Our incredibly difficult decision to restrict funeral attendance

Edgwarebury Cemetery

25 March 2020

By the Conference of Liberal Rabbis and Cantors

Our hearts are broken by the decision which, by now, you may have read or heard.

Liberal Judaism and Reform Judaism have taken an incredibly difficult decision to restrict the physical attendance at all funerals to solely the rabbi or cantor. This means that no family members will be able to attend in person. We are working hard to put in place the means by which anyone who wishes to join a service online will be able to participate.

We are all navigating a world that is changing rapidly and we are adapting as quickly as possible. As Liberal Jews this is something that has been the hallmark of our Movement, now more than ever this is our duty and responsibility.

At the heart of everything we have done as a community has been the ethic of ensuring that the idea of ‘al tifros min-hatzibur’ – do not separate yourself from the community (Pirkei Avot 2:4) – is upheld. Even whilst the community is physically dispersed we will do all we can to ensure that our community is not separated from one another. Now, more than ever, supporting each other in times of grief, escorting the dead and comforting the mourners is a necessity and we will find ways to make it possible through technology.

Funerals will be conducted with dignity and k’vod hamet (honour to the deceased) and your rabbis will be doing everything possible to ensure you are able to feel connected at a devastating time of loss.

These are exceptional times for our world and it is important that we uphold the value of pikuach nefesh (saving a life). In taking this action we are seeking to ensure that the health and the lives of you, your families, your clergy, the cemetery staff, the funeral directors are all protected to the best of our abilities.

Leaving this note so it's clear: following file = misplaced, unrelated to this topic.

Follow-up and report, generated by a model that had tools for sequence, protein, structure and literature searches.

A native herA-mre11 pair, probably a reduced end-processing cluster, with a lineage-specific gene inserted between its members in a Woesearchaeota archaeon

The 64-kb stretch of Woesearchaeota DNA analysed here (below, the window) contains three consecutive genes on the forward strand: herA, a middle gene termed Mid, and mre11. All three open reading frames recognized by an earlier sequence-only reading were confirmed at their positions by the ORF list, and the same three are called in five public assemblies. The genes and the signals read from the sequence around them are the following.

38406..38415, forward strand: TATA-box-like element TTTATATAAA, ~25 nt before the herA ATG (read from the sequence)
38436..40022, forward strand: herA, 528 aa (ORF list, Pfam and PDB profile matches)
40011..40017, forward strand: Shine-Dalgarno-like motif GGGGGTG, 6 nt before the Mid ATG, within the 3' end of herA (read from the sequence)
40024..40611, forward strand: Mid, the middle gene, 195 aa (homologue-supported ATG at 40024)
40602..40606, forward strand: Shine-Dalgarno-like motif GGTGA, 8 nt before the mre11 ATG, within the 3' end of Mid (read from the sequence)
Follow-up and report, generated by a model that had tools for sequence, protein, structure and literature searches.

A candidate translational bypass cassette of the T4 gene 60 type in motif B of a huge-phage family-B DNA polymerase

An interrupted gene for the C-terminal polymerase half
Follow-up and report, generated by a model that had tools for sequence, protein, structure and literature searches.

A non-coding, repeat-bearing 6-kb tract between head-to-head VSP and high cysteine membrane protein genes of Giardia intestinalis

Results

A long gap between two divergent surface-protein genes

The Covid-19 Virus crisis is putting a strain on all of our essential services and we must ensure that we all recognise that we are individually responsible for doing everything we can to reduce the strain and protect our vital services. It is in these times that we must lead by example.

We know that this will be terribly painful for you and we can only express our profound gratitude for your support in upholding this decision, a decision which we hope will contribute to saving lives, minimising strain on the NHS and other essential services, whilst ensuring that the greatest mitzvah of all, burying the dead, is done in a way that honours the lives of loved ones.

In the Psalms we are told that the Eternal One is close to the broken hearted (Psalm 34:19), transcending space and time, so we know that God is with us wherever we are and even when feeling crushed of spirit.

The Rabbis and Cantors of Liberal Judaism are always on hand to support you and please be in touch if you would like some pastoral support – by emailing Rabbi Aaron Goldstein (a.goldstein@liberaljudaism.org) or Rabbi Charley Baginsky (c.baginsky@liberaljudaism.org).

 

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